122C-57. Right to treatment and consent to treatment.

(a) Each client who is admitted to and is receiving services from a facility has the right to receive age-appropriate treatment for a mental illness, an intellectual or other developmental disability, substance abuse, or a combination thereof. Each client within 30 days of admission to a facility shall have an individual written treatment or habilitation plan implemented by the facility. The client and the client's legally responsible person shall be informed in advance of the potential risks and alleged benefits of the treatment choices.

(b) Each client has the right to be free from unnecessary or excessive medication. Medication shall not be used for punishment, discipline, or staff convenience.

(c) Medication shall be administered in accordance with accepted medical standards and only upon the order of a physician as documented in the client's record.

(d) Each voluntarily admitted client or the client's legally responsible person (including a health care agent named pursuant to a valid health care power of attorney) has the right to consent to or refuse any treatment offered by the facility. Consent may be withdrawn at any time by the person who gave the consent. If treatment is refused, the qualified professional shall determine whether treatment in some other modality is possible. If all appropriate treatment modalities are refused, the voluntarily admitted client may be discharged. In an emergency, a voluntarily admitted client may be administered treatment or medication, other than those specified in subsection (f) of this section, despite the refusal of the client or the client's legally responsible person, even if the client's refusal is expressed in a valid advance instruction for mental health treatment. The Commission may adopt rules to provide a procedure to be followed when a voluntarily admitted client refuses treatment.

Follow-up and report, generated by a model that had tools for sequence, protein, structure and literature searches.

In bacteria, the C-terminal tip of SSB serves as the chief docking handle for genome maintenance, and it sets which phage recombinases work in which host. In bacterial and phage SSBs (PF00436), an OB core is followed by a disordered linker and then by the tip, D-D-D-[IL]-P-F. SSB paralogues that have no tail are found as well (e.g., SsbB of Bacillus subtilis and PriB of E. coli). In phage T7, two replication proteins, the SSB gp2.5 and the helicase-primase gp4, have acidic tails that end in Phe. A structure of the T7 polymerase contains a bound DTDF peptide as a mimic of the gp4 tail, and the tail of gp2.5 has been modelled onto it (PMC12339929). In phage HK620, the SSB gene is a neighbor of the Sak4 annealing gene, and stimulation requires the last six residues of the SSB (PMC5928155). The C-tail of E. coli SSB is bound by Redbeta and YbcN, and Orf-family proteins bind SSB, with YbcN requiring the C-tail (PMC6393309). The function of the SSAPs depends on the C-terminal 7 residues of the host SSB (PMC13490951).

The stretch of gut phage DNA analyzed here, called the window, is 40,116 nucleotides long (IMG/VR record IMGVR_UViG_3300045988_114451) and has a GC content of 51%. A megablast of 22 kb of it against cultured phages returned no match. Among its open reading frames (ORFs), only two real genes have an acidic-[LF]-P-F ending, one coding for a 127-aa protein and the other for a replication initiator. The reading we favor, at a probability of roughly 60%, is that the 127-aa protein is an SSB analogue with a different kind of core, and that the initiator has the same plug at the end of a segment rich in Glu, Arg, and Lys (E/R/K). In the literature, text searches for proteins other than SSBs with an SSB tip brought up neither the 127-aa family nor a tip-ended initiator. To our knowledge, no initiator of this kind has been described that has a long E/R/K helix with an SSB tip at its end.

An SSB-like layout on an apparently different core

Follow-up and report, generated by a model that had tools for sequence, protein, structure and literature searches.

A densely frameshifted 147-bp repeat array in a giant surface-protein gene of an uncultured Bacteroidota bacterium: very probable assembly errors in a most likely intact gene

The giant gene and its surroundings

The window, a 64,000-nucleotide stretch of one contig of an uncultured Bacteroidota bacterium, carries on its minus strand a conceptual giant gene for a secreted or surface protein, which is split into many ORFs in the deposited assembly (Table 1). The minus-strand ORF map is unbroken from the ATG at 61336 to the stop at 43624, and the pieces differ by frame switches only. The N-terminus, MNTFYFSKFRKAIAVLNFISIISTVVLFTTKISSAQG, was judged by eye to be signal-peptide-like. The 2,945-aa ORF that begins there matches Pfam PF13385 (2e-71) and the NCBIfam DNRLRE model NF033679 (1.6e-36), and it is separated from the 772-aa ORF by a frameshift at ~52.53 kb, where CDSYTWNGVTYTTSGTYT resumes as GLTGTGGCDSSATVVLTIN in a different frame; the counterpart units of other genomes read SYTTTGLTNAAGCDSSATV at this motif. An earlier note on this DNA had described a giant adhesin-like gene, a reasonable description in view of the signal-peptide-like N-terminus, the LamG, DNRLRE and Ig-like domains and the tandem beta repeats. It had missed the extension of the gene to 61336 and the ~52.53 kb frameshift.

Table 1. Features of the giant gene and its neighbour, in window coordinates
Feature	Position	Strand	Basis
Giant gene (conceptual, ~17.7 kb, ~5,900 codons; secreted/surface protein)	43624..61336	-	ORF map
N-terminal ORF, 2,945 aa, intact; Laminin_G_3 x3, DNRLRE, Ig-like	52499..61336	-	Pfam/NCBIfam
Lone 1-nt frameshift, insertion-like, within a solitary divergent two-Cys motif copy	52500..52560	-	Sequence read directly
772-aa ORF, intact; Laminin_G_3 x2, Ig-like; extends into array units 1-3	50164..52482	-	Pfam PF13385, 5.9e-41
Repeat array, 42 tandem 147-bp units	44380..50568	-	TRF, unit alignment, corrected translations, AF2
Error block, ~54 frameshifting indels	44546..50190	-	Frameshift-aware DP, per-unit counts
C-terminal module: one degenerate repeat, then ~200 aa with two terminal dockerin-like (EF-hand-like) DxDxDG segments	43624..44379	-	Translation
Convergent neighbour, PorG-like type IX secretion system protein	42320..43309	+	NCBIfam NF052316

(d1) Except as provided in G.S. 90-21.4, discharge of a voluntarily admitted minor from treatment shall include notice to and consultation with the minor's legally responsible person and in no event shall a minor be discharged from treatment upon the minor's request alone.

(e) In the case of an involuntarily committed client, treatment measures other than those requiring express written consent as specified in subsection (f) of this section may be given despite the refusal of the client, the client's legally responsible person, a health care agent named pursuant to a valid health care power of attorney, or the client's refusal expressed in a valid advance instruction for mental health treatment in the event of an emergency or when consideration of side effects related to the specific treatment measure is given and in the professional judgment, as documented in the client's record, of the treating physician and a second physician, who is either the director of clinical services of the facility, or the director's designee, that any of the following is true:

(1) The client, without the benefit of the specific treatment measure, is incapable of participating in any available treatment plan which will give the client a realistic opportunity of improving the client's condition.

(2) There is, without the benefit of the specific treatment measure, a significant possibility that the client will harm self or others before improvement of the client's condition is realized.

(f) Treatment involving electroshock therapy, the use of experimental drugs or procedures, or surgery other than emergency surgery may not be given without the express and informed written consent of the client, the client's legally responsible person, a health care agent named pursuant to a valid health care power of attorney, or the client's consent expressed in a valid advance instruction for mental health treatment. This consent may be withdrawn at any time by the person who gave the consent. The Commission may adopt rules specifying other therapeutic and diagnostic procedures that require the express and informed written consent of the client, the client's legally responsible person, or a health care agent named pursuant to a valid health care power of attorney. (1973, c. 475, s. 1; c. 1436, ss. 6, 7; 1981, c. 328, ss. 1, 2; 1985, c. 589, s. 2; 1995, c. 336, s. 1; 1997-442, s. 3; 1998-198, s. 5; 1998-217, s. 53(a)(4); 1999-456, s. 4; 2007-502, s. 15(b); 2019-76, s. 2.)